Physicalism, reductionism, and the soul

This off-the-cuff post on atheism generated some interesting discussion with Gaius about physicalism, reductionism, and humanism, among other things. I don’t know that I can express my views on the matter better than I tried to do in this post from a few years ago discussing Keith Ward’s Pascal’s Fire. In short, we often abstract from the phenomena of experience in order to provide a more precise mapping or modeling of certain aspects of reality for various purposes; the error of reductionism is to mistake those abstract models for the whole of reality itself. (Huston Smith once compared it to thinking that an increasingly detailed map of Illinois will–eventually–result in a map of the entire United States.)

Physicalism and reductionism are frequently seen as threats to religious belief. This can be for a variety of reasons, such as that they seem to undermine belief in an immaterial (and possibly immortal) soul, or that they deny the “specialness” of human beings. However, I do think it’s possible for a Christian to affirm a non-reductive version of physicalism. This would mean that human beings are physical beings with consciousness, feeling, and rationality. These are genuinely “emergent” features of the world–features that appeared over the course of evolutionary history and which we share with other animals, but they are not reducible to the physico-chemical aspect of reality. They are not simply the outworking of their underlying material substrate but exert a genuine causal influence on the world. Philosophers and theologians have characterized how this might work in a variety of ways, such as “whole-part” or “top-down” causation. But the point is that the mental introduces genuine novelty into the world and is capable of affecting the course of events. Moreover, if something like this is right, it seems possible that God could, at death, preserve whatever it is that constitutes each person’s unique selfhood (e.g., memories, character traits) and “translate” them into some other medium, whether embodied or not.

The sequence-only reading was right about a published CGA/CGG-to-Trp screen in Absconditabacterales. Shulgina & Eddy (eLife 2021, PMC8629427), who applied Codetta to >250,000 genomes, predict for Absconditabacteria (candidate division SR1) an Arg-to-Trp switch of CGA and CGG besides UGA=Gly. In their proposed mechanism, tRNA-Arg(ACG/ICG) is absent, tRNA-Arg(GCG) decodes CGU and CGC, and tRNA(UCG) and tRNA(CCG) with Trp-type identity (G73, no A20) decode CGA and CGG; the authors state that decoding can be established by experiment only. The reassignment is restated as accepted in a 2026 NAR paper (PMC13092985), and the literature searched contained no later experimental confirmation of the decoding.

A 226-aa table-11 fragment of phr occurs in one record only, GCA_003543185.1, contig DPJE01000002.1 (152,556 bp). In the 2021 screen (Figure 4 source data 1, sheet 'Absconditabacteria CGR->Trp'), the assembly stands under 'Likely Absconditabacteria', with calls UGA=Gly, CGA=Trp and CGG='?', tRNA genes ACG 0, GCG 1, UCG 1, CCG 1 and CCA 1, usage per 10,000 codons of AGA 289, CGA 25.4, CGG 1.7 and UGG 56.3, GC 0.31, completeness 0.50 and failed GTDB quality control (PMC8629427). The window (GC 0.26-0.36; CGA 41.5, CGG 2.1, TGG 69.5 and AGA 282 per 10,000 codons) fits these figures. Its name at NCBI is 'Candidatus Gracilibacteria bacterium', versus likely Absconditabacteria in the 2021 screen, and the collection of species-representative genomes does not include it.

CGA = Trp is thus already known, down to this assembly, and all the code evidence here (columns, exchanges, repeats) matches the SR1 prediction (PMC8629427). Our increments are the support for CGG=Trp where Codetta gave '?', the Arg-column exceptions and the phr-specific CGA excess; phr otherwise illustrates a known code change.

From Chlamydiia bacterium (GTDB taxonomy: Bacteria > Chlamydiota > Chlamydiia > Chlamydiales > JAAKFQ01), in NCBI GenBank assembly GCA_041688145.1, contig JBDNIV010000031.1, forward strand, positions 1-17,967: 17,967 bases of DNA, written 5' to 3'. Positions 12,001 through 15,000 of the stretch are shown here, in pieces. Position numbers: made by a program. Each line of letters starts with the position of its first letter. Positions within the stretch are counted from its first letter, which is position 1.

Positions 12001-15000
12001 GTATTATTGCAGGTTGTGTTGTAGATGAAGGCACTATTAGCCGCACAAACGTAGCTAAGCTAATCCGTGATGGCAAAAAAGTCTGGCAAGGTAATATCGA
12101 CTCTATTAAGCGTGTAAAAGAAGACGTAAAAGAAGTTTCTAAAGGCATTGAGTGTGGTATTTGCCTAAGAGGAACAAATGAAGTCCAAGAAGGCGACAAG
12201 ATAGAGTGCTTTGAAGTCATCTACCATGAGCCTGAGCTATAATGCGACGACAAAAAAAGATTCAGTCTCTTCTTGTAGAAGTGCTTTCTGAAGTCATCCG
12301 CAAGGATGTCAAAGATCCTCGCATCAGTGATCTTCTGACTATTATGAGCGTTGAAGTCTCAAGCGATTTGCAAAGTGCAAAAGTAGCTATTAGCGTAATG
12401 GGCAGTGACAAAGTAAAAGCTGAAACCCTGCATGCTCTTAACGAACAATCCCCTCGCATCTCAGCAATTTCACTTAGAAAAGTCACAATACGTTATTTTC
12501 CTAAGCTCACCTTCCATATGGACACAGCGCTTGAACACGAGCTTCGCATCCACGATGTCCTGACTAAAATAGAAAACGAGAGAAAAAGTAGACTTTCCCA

One thought on “Physicalism, reductionism, and the soul

  1. Reductive materialism is far less a threat to the idea of humans as rational, conscious, and feeling than is eliminative materialism.

    The former, far from meaning to deny those attributes, seeks to explain them in terms of other features of humans.

    The latter flat denies them.

    The former claims to identify mental states or events with physical ones.

    The latter, disbelieving like you (and like me) in such identifications, simply claims that belief in mental states and events is an error.

    There is nothing incoherent or even incongruous in a reductive materialist attributing special moral importance to humans as rational beings and real persons.

    Like you, I would think this impossible for an eliminative materialist.

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